The low-playership, as numerously mentioned, is one of the things this game really, REALLY struggles with and, what I gather from the existing community tells me, mostly, that it has to do with an undefined course for where the devs want to take the game. There’s constant additions of new weapons and expansion of Factions and their Lore but, it seems, players want there be refinement to what currently exists rather than constant expansion. Tie all the loose things together to make a more immersive world. For instance, tie the Garage Test Yard gates to the Adventure Mode gates so we can arrive in front of one and load into the wasteland. Going further on that idea, tie the Adventure Mode gates to the PvP queues so we can romp around while waiting to battle. Another way to tie the Garage to things would be having virtual books on the bookshelf that’s already neatly placed in the Garage, and those books would have titles with a way for us to tell what to read 1st and what to read last. As it is, its backstory reads like a list of unconnected conspiracy theories that, and I’m sorry to say, were better done by Ancient Aliens. Most players don’t know where to look for lore and, when finding that lore, they don’t know what order to digest it in (because we just get little snippets from hovering over items). What’s worse? We have to discover the rest of the lore, not through game play but through digging around in different menus, as well as, hopping on the internet, looking up the games website, digging through its forums, news, developer’s blog, and media posts. For a game that bills itself as an Action Game, there sure is a lot of unguided detective work that goes into just learning about the game.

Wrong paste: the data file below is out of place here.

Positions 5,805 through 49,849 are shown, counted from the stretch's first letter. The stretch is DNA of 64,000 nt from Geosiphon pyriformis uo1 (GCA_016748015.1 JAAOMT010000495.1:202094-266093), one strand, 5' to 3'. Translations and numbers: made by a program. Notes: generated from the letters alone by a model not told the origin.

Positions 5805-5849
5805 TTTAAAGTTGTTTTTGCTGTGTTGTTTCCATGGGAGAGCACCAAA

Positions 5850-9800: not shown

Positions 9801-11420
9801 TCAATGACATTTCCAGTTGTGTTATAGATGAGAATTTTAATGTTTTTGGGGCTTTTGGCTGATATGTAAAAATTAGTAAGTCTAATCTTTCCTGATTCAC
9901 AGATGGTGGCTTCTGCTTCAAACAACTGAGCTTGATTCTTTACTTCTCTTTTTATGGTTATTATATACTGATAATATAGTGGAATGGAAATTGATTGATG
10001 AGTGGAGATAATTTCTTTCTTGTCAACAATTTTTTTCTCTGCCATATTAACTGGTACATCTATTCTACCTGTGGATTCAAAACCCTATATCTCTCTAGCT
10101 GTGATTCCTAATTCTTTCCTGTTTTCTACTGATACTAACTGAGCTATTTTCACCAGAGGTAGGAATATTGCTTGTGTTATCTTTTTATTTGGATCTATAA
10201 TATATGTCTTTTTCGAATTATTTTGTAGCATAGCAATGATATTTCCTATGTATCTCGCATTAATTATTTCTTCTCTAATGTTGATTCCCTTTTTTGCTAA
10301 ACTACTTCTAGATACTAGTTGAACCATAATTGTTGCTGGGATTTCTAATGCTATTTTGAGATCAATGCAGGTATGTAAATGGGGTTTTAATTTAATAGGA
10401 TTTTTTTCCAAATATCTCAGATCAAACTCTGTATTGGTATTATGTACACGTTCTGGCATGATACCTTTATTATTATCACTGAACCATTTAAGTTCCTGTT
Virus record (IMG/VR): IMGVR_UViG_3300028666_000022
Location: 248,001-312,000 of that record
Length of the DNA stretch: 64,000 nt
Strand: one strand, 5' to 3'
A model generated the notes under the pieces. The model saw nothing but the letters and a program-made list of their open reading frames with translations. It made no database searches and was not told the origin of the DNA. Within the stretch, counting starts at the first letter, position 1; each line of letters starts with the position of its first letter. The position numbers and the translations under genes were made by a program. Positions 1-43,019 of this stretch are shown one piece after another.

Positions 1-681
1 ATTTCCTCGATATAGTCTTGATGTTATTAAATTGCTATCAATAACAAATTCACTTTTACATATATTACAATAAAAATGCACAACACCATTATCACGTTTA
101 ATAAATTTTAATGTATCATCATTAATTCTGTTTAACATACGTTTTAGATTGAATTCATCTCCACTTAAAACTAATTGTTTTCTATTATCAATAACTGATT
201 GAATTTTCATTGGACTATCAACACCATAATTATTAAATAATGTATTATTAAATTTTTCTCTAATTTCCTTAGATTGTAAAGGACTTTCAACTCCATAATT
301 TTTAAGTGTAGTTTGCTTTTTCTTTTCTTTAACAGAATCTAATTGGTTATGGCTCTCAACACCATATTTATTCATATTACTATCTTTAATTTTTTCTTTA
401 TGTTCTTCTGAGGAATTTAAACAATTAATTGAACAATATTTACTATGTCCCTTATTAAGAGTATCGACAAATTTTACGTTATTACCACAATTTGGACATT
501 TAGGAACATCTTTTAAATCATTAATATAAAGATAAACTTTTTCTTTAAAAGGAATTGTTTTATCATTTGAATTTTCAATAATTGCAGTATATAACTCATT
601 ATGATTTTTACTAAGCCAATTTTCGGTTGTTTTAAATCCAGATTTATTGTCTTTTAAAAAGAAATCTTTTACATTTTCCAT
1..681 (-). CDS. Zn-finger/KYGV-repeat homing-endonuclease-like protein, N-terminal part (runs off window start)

Having said all that: How do I feel about Crossout? Craft. Ride. Destroy. Of these 3 things the game promises it delivers in spades. The developers try to listen to the community but, unless you have a plausible solution to the problem you present, chances are the ideas aren’t going to be implemented. The community can be fun and helpful at times, other times it can devolve into a circus that, if you’re not ready for lunacy at the highest levels (that even the Mods like to take part in), can be a turn off to some. Not to me, though, because my creativity allows me to travel to areas most just can’t go, and I have blast nearly 95% of the time I’m playing Crossout. That other 5% not enjoyed is due to game bugs. Being an author, myself, the lack of story structure gets to me on a passionate level. So much so that I took it upon myself to create some structure by creating a Crossout cartoon called The Ravaging.
In my Crossout Universe, this is the story: players are locked in an unending cycle of brainwashing and rediscovery as they fight to survive an Earth that has been overrun by alien technology, the Ravagers. Ravagers brainwash people, stealing their thoughts and skills to upload into their own robots. They use certain people and animals on a Catch-and-Release basis to influence and lure unsuspecting survivors into their clutches to create more bots. It’s up to those who have rediscovered themselves to not get re-brainwashed and help other survivors rediscover themselves. The most dangerous survivors are captured, not released, and fully assimilated into bots. That’s it.
That’s my story and I’m stickin’ to it! I like Crossout a lot, but I COULD love it even more if it was just a little more refined, and that’s my Smely Opinion.